When a FilteredImageSource gets a request to resend through its ImageProducer interface, it will call the ImageFilter instead of the actual producer. ImageFilter's default resend function will call the producer and request a repaint. There are times when the filter does not want to have the image regenerated, so it can override this call and simply do nothing. One example of this type of filter is described in the section "Dynamic Image Filter: FXFilter." A special-effects filter may simply remove or obscure certain parts of an underlying image. To perform the effect, the filter merely needs to know the image dimensions, not the specific pixels it will be overwriting. SetPixel() calls are safely ignored, but the producer must be prevented from repainting. If your filter does not implement setPixels() calls, a subsequent resend request will destroy the filter's changes by writing directly to the consumer.

Note
If setPixels() is not overridden in your filter, you will probably want to override resendTopDownLeftRight()to prevent the image from being regenerated after your filter has altered the image.

Static Image Filter: Rotation

The SimpleRoll applet works by loading four distinct images; remember that an external paint application was used to rotate each image. Unfortunately, the paint program cannot maintain the transparency of the original image. You can see this if you change the background color of the applet. The bounding rectangle of the image shows up in gray. Instead of loading the four images, a Java rotation filter can be substituted to allow any image to be rolled. Not only would this minimize the download time, but it would also maintain the image's transparency information. A transparent foreground image also allows a background image to be added.

Pixel Rotation

To perform image rotation, you need to use some math. You can perform the rotation of points with the following formulas:

new_x = x * cos(angle) - y * sin(angle)
new_y = y * cos(angle) + x * sin(angle)

Rotation is around the z-axis. Positive angles cause counterclockwise rotation, and negative angles cause clockwise rotation. These formulas are defined for Cartesian coordinates. The Java screen is actually inverted, so the positive y-axis runs down the screen, not up. To compensate for this, invert the sign of the sine coefficients:

new_x = x * cos(angle) + y * sin(angle)
new_y = y * cos(angle) - x * sin(angle)

In addition, the sine and cosine functions compute the angle in radians. The following formula converts degrees to radians:

radians = degrees * PI/180;

This works because there are 2*PI radians in a circle. That's all the math you'll need; now you can set up the ImageConsumer routines.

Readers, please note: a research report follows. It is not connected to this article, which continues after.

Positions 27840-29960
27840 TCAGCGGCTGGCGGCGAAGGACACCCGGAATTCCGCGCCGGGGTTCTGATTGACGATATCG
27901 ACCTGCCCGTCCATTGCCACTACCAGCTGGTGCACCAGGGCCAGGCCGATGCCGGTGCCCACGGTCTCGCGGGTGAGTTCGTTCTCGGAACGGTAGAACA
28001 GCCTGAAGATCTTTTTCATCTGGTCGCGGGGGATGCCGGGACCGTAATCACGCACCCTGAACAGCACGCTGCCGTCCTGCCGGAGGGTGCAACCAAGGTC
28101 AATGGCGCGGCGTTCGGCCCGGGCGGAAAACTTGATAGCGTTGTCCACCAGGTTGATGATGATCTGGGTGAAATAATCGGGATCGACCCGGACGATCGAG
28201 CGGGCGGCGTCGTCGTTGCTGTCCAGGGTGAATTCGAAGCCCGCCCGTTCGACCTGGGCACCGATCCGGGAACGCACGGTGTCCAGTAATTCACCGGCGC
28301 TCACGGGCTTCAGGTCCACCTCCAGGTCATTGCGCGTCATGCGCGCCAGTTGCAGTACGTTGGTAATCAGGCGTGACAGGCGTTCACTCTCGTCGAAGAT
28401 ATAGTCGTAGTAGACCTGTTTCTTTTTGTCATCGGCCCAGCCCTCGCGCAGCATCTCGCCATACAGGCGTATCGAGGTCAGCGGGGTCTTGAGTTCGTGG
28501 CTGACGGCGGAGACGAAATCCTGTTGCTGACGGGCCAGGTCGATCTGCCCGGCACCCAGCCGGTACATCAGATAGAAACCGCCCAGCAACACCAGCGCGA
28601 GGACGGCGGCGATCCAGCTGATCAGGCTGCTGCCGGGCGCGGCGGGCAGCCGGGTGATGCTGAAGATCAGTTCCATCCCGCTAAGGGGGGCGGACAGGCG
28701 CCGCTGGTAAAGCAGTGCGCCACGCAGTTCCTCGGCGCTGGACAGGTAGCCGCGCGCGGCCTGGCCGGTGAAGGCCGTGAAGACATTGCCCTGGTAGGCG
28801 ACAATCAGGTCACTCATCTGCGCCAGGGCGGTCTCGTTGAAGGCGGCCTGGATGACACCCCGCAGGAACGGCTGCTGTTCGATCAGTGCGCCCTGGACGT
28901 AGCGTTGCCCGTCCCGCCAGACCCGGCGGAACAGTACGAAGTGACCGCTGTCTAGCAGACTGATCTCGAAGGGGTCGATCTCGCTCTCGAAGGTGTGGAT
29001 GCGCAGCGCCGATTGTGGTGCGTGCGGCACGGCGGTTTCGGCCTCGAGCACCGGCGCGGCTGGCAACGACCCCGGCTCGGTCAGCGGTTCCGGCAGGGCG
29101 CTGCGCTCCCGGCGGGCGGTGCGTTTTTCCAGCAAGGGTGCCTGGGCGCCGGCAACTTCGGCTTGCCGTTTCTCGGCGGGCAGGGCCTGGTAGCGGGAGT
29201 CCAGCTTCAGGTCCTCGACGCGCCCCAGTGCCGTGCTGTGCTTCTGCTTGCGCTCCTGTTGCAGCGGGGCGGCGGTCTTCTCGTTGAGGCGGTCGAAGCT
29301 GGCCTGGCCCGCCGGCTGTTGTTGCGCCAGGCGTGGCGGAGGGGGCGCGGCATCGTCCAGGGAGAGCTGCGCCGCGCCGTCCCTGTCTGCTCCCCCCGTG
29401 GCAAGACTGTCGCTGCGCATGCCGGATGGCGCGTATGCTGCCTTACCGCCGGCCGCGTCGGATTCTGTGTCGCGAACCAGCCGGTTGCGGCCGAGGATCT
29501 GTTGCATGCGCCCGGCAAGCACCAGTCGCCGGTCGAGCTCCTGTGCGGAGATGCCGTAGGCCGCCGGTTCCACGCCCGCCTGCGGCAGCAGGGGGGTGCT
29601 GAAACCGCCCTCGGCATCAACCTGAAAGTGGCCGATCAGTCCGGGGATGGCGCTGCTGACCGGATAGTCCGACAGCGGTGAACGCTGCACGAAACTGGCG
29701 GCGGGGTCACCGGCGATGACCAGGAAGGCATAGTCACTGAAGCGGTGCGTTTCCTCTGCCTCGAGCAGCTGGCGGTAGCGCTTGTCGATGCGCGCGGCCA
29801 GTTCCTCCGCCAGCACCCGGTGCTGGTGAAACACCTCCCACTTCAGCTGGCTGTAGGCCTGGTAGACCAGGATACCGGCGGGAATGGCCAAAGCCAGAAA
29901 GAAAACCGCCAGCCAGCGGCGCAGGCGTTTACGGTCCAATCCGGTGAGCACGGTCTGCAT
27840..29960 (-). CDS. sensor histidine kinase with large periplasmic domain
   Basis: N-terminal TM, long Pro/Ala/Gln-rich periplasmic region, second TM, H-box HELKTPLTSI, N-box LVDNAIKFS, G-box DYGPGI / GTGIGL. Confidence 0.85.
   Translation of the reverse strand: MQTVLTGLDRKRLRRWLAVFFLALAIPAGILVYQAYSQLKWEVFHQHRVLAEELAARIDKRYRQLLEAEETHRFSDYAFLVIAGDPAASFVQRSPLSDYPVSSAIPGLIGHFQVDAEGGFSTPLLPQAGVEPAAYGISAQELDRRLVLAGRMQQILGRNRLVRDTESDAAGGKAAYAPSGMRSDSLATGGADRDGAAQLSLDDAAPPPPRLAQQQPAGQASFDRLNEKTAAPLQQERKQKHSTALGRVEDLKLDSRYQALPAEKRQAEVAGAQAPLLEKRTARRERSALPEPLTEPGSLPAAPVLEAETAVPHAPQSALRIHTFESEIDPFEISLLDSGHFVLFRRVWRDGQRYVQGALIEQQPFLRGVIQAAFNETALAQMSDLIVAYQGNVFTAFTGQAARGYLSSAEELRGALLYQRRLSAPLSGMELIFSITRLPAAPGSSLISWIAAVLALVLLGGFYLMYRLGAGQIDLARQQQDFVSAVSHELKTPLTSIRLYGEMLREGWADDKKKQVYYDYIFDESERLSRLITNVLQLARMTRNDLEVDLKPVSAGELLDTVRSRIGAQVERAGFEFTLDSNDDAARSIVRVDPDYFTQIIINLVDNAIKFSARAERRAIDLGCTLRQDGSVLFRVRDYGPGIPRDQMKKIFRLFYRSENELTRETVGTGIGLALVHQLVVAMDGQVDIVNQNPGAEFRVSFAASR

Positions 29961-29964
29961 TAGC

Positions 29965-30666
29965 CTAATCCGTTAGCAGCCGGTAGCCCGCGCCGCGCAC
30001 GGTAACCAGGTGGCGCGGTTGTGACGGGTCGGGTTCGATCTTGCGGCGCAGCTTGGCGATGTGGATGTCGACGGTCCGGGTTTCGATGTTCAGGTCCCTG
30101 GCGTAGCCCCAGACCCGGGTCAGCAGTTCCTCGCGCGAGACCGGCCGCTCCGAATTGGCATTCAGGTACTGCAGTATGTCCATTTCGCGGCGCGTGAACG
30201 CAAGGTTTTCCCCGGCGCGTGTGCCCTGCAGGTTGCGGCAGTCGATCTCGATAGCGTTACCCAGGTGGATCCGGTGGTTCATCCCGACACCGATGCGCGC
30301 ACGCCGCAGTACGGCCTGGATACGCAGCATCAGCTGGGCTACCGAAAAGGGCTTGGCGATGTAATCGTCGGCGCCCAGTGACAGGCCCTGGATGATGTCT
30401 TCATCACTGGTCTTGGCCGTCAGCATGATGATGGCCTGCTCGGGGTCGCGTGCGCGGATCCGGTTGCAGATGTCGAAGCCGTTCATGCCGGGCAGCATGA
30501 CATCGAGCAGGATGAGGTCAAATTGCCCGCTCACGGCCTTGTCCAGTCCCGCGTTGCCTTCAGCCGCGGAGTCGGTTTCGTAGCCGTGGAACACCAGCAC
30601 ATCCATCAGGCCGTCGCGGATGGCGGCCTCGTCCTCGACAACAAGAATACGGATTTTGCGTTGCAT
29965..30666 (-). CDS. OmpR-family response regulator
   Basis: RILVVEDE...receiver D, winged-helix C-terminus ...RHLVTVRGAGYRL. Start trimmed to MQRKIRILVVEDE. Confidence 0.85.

Handling setDimensions()

The setDimensions() call tells you the total size of the image. Record the size and allocate an array to hold all the pixels. Because this filter will rotate the image, the size may change. In an extreme case, the size could grow much larger than the original image because images are rectangular. If you rotate a rectangle 45 degrees, a new rectangle must be computed that contains all the pixels from the rotated image, as shown in Figure 13.4.

Figure 13.4 : New bounding rectangle after rotation.

To calculate the new bounding rectangle, each vertex of the original image must be rotated. After rotation, the new coordinate is checked for minimum and maximum x and y values. When all four points are rotated, then you'll know what the new bounding rectangle is. Record this information as rotation space, and inform the consumer of the size after rotation.

Handling setPixels()

The setPixels() calls are very straightforward. Simply translate the pixel color into an RGB value and store it in the original image array allocated in setDimensions().

Handling imageComplete()

The imageComplete() method performs all the work. After the image is final, populate a new rotation space array and return it to the consumer through the consumer's setPixels() routine. Finally, invoke the consumer's imageComplete() method. Listing 13.2 contains the entire filter.


Listing 13.2. The SpinFilter class.
import java.awt.*;
import java.awt.image.*;

public class SpinFilter extends ImageFilter
{
    private double angle;
    private double cos, sin;
    private Rectangle rotatedSpace;
    private Rectangle originalSpace;
    private ColorModel defaultRGBModel;
    private int inPixels[], outPixels[];

    SpinFilter(double angle)
    {
        this.angle = angle * (Math.PI / 180);
        cos = Math.cos(this.angle);
        sin = Math.sin(this.angle);
        defaultRGBModel = ColorModel.getRGBdefault();
    }

    private void transform(int x, int y, double out[])
    {
        out[0] = (x * cos) + (y * sin);
        out[1] = (y * cos) - (x * sin);
    }

    private void transformBack(int x, int y, double out[])
    {
        out[0] = (x * cos) - (y * sin);
        out[1] = (y * cos) + (x * sin);
    }

    public void transformSpace(Rectangle rect)
    {
        double out[] = new double[2];

        double minx = Double.MAX_VALUE;
        double miny = Double.MAX_VALUE;
        double maxx = Double.MIN_VALUE;
        double maxy = Double.MIN_VALUE;
        int w = rect.width;
        int h = rect.height;
        int x = rect.x;
        int y = rect.y;

        for ( int i = 0; i < 4; i++ )
        {
            switch (i)
            {
            case 0: transform(x + 0, y + 0, out); break;
            case 1: transform(x + w, y + 0, out); break;